Out Of Breath

Respiratory System

Diagnosis and reasoning

Dyspnea is one of the most common presentations in primary care, as well as one of the most amenable to a structured diagnostic evaluation. Conversely, it is also easy to misdiagnose and mismanage these patients if one employs a haphazard approach.

A careful history plays a key role here, with several factors being of diagnostic value; first among these is the duration of the dyspnea.

Dyspnea which has developed over hours to days (as in this patient) is termed 'subacute' dyspnea; this is most often due to either pulmonary or cardiac disease.

In this respect, key respiratory causes include pneumonia, asthma, and acute exacerbation of chronic obstructive pulmonary disease (COPD); important cardiac etiologies include acute heart failure, myocarditis, and subacute cardiac tamponade.

The presence or lack of associated symptoms is another important factor; pneumonia is clinically less likely in the absence of a cough, while the lack of wheezing is a point against asthma.

The patient's

medical history is yet another key factor; note that individuals with both asthma and COPD are highly likely to have a positive medical history in this respect.

A detailed examination should follow, with special focus on the general examination, and evaluation of the cardiovascular and respiratory systems.

In this patient, this is highly fruitful, revealing diminished movement of the entire right hemithorax, along with a stony dull percussion note, and diminished vocal resonance; the trachea and apex beat are also deviated to the left.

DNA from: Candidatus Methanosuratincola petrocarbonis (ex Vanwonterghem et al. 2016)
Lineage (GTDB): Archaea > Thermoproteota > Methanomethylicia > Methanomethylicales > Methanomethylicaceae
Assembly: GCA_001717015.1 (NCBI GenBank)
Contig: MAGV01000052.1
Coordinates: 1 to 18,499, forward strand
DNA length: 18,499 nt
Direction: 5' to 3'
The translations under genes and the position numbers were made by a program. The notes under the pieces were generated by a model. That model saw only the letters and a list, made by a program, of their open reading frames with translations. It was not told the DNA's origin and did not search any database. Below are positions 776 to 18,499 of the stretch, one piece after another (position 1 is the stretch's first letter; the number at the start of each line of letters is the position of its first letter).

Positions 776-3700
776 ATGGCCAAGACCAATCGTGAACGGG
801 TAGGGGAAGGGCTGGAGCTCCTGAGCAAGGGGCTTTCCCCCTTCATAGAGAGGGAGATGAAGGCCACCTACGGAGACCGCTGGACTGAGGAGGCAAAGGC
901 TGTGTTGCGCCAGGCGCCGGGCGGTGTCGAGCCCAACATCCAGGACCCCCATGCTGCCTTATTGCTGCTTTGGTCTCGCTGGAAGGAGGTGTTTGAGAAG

The above signs are characteristic of a pleural effusion causing a mediastinal shift; while both empyema and hemothorax can also give rise to the same clinical findings, they are significantly less likely, given the absence of symptoms of infection, and lack of antecedent trauma.

A subsequent chest x-ray shows opacification of the right hemithorax with mediastinal shift to the left, strengthening our clinical suspicion.

Thoracentesis is key to her further evaluation; this will confirm the presence of a pleural effusion, and also allow us to establish whether it is transudative or exudative in nature.

Note that exudates are characterized by a serum albumin >35 g/L; they are often unilateral, with pneumonia, tuberculosis, malignancies, pancreatitis, and connective tissue diseases being common causes.

On the other hand, transudates show a serum albumin < 25 g/L; they are usually bilateral, and due to an imbalance between hydrostatic and colloid oncotic forces, as is seen in congestive cardiac failure, cirrhosis, and nephrotic syndrome, among others.

Fortunately, in this patient's case, the highly distinct physical appearance of the aspirate allows us to skip such tedious reasoning; note that the milky-white appearance is suggestive of a chylothorax. This is confirmed by the biochemical analysis revealing triglycerides in the aspirated fluid.

Pseudo-chylothorax is another clinical entity where the aspirated fluid may have such an appearance. However, this is encountered in individuals with longstanding effusions secondary to tuberculosis, rheumatoid arthritis, or connective tissue diseases.

Chylothorax is most often a sequela of thoracic trauma and iatrogenic procedures; however, a significant number of cases are due to neoplasms (particularly lymphoma); further imaging of the thorax via computed tomography (CT) is therefore a must.

Fortunately, the CT scan shows no findings suggestive of a malignancy; thus, given the absence of a clear causative etiology, this is most likely idiopathic chylothorax.